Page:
In a recent magazine interview Holly Miranda, ex-frontwoman of hipster rock band The Jealous Girlfriends and recent signing to XL, was asked about the production on this, her debut solo album. Produced by Dave Sitek from TV On The Radio, she had this to say about its sound; “At one point, Dave said to me, ‘I’m putting my finger prints all over this record’, and I said, ‘I know, I love it'”. It’s a pertinent point, not least for those that may have heard her recent EP Sleep On Fire, which housed her Cat Power-esque vocals in a decidedly more stripped back musical setting.
As with Cat Power, it’s in this setting that you may feel Miranda’s fragile, feather light songs work best, and a cursory search on youtube will bring up a handful of engaging solo performances, not least a heart-wrenching version of Waves filmed in a bar. But, what’s special about The Magician’s Private Library is that yes, Dave Sitek’s fingerprints are all over it – there are rumbling basslines, minimal beats, treated guitar sounds, horn blasts courtesy of Antibalas – but at it’s heart are ten deftly arranged and lovingly created tales of dealing with physical pain (Joints deals with Miranda’s battle with fibromyalgia) and emotional pain (the beautiful Slow Burn Treason).
Sitek’s production also adds a fantastic sense of having to uncover different layers to the songs, such as opener Forest Green Oh Forest Green. Starting with a childlike, fairground melody the song unravels almost as a round, with lines repeated over top of parping horns, acoustic guitar and some lovely harmonies. On first listen, it almost passes you by, giving you no real sense of what Miranda’s voice sounds like, but slowly the melody wriggles to the surface and it’s repetitiveness becomes it’s brilliance.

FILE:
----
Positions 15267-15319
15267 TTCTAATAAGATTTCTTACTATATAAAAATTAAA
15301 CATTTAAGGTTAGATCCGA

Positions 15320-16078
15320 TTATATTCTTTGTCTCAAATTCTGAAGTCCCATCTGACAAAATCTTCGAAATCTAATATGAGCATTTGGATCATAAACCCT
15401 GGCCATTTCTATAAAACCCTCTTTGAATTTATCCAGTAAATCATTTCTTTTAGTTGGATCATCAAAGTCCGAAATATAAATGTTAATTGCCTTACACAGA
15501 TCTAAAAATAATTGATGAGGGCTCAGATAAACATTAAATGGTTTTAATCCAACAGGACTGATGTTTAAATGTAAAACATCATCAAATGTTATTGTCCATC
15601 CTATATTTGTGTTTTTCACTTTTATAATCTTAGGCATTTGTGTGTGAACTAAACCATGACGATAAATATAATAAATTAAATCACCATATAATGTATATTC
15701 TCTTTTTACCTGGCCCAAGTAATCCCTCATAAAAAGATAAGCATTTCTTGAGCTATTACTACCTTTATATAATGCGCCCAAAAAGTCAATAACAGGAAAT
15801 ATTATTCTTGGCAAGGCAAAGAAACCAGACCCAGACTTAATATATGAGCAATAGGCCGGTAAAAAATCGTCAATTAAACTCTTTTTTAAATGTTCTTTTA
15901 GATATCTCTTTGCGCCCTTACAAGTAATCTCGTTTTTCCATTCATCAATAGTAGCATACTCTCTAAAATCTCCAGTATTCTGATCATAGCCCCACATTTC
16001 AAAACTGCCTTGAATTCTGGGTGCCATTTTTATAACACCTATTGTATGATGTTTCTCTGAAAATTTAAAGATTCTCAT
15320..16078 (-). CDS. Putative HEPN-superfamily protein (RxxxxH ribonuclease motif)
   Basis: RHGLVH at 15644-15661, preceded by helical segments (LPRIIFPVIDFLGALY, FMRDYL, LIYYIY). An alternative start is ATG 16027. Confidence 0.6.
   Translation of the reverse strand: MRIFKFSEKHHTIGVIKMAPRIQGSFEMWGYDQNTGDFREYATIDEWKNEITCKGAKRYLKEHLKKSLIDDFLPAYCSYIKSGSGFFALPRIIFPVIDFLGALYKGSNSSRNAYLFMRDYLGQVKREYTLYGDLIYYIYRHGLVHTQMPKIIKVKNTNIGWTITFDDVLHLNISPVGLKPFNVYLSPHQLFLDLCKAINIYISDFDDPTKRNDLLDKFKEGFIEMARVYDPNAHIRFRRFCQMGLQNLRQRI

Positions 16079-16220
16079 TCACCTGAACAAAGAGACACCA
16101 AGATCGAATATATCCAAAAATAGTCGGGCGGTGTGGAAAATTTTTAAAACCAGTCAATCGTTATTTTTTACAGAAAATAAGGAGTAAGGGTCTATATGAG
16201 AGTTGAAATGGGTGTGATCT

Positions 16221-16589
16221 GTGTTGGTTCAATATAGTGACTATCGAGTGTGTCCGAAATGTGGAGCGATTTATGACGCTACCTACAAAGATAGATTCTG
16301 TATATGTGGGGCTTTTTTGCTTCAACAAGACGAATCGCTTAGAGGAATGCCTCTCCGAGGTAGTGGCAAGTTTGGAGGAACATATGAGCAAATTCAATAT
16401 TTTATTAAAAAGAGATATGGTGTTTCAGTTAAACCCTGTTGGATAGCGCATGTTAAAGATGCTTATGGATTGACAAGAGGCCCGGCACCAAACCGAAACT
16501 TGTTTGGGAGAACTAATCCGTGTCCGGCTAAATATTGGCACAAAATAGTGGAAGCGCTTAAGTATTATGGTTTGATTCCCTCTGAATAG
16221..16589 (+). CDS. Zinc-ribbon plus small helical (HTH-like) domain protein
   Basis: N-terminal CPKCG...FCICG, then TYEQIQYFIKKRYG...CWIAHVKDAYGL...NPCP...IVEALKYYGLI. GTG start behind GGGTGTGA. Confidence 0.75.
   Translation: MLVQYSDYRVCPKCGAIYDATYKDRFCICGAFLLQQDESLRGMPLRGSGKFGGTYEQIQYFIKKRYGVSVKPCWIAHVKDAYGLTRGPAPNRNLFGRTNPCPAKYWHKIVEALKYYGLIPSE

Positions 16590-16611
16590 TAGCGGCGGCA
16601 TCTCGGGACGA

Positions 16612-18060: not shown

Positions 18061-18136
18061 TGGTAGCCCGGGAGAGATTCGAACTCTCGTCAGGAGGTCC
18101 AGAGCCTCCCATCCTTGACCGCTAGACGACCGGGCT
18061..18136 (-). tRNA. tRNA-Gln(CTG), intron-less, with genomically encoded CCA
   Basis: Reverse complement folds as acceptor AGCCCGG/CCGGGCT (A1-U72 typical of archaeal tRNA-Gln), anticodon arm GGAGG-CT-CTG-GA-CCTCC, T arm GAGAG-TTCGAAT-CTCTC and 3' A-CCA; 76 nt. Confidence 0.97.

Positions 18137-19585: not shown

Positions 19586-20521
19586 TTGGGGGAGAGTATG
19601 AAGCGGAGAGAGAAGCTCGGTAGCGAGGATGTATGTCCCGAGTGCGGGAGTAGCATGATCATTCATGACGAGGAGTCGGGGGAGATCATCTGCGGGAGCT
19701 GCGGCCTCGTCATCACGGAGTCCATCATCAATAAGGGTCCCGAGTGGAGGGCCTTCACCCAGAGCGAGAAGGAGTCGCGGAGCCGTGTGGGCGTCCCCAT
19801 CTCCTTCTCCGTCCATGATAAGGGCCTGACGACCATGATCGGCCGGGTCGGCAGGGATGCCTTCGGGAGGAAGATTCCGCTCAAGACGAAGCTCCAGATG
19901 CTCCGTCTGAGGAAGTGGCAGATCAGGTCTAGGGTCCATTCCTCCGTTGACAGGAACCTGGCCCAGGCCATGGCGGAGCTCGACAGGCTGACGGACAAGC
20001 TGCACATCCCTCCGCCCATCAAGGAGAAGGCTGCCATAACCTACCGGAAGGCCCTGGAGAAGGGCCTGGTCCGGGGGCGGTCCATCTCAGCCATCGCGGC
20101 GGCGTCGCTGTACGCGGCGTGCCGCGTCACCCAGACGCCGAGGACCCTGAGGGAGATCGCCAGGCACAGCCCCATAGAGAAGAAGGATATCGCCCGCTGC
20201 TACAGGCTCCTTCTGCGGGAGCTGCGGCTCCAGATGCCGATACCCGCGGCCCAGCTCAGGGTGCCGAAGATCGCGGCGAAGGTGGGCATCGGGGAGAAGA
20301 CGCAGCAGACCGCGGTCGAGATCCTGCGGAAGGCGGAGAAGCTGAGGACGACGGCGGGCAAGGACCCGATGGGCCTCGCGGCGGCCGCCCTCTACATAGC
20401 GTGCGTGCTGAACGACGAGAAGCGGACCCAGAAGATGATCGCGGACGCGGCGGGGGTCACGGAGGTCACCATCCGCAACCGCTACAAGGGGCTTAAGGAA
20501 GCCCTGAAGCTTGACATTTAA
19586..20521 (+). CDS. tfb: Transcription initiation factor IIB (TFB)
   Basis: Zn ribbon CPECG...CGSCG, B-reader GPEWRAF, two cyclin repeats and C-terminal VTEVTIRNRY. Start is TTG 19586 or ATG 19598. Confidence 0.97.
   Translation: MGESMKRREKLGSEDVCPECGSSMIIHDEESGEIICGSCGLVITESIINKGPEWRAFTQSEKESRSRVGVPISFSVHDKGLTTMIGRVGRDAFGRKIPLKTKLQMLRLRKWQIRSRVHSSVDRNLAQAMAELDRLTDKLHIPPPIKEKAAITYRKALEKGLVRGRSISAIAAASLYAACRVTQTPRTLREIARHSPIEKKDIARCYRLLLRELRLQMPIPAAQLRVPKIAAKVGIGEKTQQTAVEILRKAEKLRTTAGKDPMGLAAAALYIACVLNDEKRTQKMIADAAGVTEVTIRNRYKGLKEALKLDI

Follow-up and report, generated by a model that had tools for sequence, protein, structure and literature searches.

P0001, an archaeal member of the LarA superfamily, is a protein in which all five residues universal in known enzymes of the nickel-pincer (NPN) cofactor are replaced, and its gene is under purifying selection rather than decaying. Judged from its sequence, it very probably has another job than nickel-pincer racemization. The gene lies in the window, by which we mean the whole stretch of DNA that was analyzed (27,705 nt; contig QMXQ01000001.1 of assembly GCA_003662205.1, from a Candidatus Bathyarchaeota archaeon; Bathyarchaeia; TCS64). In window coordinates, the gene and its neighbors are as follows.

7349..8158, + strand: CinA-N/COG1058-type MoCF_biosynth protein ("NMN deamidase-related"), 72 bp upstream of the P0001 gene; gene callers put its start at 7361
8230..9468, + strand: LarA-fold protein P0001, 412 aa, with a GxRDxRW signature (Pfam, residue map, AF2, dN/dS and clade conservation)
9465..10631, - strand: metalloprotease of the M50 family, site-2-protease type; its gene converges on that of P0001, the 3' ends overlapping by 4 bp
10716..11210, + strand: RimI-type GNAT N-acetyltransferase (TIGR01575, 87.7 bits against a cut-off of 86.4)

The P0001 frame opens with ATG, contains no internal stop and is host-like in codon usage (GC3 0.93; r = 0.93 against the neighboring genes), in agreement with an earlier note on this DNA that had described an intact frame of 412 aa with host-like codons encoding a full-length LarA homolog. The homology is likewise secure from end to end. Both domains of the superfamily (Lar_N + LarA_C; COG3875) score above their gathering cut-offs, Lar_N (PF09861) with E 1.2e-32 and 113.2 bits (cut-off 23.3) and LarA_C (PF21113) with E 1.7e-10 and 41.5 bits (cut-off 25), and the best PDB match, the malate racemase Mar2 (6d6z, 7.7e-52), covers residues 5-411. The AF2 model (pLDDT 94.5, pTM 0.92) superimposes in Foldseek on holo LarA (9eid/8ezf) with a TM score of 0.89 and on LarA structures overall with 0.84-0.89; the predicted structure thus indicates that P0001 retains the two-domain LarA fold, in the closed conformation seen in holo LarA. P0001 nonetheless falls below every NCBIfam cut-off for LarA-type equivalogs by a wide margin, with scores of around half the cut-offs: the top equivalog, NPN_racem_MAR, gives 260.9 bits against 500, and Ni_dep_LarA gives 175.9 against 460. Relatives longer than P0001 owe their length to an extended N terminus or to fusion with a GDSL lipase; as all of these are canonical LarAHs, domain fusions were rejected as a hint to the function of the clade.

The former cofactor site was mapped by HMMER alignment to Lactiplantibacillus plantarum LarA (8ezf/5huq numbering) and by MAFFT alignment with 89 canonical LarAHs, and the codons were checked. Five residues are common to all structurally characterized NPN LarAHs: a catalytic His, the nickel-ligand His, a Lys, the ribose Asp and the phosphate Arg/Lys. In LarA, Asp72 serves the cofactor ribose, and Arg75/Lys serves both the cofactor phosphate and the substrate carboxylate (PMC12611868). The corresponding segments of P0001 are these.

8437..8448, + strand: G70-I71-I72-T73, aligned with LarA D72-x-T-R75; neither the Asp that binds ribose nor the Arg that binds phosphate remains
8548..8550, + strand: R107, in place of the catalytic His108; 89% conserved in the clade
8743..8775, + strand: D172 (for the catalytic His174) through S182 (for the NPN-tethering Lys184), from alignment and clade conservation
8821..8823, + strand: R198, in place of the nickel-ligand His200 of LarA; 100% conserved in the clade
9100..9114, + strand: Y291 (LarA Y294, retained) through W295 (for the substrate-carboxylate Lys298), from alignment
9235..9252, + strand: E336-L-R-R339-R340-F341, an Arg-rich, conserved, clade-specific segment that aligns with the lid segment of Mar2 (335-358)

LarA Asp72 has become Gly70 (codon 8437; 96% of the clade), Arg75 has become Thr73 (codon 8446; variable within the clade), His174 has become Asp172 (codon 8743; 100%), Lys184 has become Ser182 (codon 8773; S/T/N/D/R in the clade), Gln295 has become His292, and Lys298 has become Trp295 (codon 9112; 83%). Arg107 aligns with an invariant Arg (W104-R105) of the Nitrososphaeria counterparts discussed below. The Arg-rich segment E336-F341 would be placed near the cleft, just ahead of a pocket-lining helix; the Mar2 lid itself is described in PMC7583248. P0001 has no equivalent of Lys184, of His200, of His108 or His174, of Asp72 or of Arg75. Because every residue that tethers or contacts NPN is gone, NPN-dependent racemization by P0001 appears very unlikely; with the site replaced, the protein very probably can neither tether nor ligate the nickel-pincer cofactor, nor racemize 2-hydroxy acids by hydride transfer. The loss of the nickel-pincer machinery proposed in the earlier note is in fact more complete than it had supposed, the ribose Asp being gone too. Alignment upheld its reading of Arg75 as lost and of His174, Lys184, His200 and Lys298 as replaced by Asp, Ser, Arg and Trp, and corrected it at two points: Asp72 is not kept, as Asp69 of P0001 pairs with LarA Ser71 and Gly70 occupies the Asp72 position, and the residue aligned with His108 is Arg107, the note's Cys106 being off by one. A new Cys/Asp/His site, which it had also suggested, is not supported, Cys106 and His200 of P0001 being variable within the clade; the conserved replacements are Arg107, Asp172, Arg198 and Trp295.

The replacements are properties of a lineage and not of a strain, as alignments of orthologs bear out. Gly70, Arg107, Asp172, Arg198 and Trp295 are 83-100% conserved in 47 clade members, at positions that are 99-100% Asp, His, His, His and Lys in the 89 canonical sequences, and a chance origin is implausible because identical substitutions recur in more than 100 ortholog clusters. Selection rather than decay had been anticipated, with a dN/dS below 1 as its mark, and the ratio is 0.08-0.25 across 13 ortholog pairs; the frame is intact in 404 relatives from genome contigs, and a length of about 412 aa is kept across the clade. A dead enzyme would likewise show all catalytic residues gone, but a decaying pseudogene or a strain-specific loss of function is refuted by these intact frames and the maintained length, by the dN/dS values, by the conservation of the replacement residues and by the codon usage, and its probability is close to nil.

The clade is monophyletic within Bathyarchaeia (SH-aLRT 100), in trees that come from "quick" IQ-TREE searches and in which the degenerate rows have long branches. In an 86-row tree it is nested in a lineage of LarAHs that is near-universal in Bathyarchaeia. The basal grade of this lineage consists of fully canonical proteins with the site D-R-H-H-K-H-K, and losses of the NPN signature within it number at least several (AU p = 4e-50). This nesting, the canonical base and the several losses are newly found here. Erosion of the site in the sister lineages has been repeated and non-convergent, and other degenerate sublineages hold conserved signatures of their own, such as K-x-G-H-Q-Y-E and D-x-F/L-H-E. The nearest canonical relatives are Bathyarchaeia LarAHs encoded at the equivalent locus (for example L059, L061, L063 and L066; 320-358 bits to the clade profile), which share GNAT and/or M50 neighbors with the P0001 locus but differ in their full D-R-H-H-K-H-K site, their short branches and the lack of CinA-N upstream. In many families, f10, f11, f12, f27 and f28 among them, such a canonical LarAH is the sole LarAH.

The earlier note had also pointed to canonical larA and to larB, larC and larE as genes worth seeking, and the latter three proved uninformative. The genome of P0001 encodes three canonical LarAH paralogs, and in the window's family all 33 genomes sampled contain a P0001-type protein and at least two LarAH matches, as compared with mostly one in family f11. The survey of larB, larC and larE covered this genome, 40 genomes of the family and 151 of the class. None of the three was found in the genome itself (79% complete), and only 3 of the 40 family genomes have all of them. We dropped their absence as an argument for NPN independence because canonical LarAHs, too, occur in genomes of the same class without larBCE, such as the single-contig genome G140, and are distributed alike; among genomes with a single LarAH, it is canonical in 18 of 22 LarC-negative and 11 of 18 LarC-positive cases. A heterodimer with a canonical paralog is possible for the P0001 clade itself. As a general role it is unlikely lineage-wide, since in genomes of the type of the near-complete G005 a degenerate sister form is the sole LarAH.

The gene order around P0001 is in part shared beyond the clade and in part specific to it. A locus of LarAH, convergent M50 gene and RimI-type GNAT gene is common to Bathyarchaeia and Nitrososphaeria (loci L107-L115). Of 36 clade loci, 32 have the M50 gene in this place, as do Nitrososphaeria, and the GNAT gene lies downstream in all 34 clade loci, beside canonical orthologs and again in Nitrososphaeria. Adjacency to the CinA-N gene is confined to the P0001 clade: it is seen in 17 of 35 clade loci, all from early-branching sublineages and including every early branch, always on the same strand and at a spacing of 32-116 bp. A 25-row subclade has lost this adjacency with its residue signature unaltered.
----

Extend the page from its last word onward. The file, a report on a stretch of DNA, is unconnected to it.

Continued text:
Joints and Waves are similar in tone, both songs gliding along like glaciers, with big, doom-laden guitars lightened by twinkling percussion and soft organ sounds. The latter is particularly emotional, Miranda sighing, “where do the waves go my love?” like a grieving widow gazing out to sea. No One Just Is picks up the pace slightly, Sitek introducing a weird, tremulous keyboard sound that zigzags through the chorus, Miranda sounding aggressive as opposed to aggrieved.
Other highlights are the breezy Sweet Dreams, which utilizes some ghostly backing vocals and a lovely rumble of bells that dance across the melody and the deceptively maudlin, Everytime I Go To Sleep, which sounds playful and childlike but houses this lyric: “Everytime I go to sleep/ I kick and scream and dream a little bit / Violently awakening to what’s real is really bullshit”. In many ways, that’s the album’s trump card, as the more you listen the more the songs shift and change shape, new sounds revealing themselves as it goes on.
The Magician’s Private Library is a startling debut from a singer who was confident her songs could survive being handed over to one of music’s most in-demand producers. Her instincts were correct and though Sitek does stamp his sound over much of the album, it’s only to augment what was already there as opposed to reframing entire songs. This dreamy, warm and otherworldly concoction is the perfect antidote to the grey and chilly beginnings of the impending new year.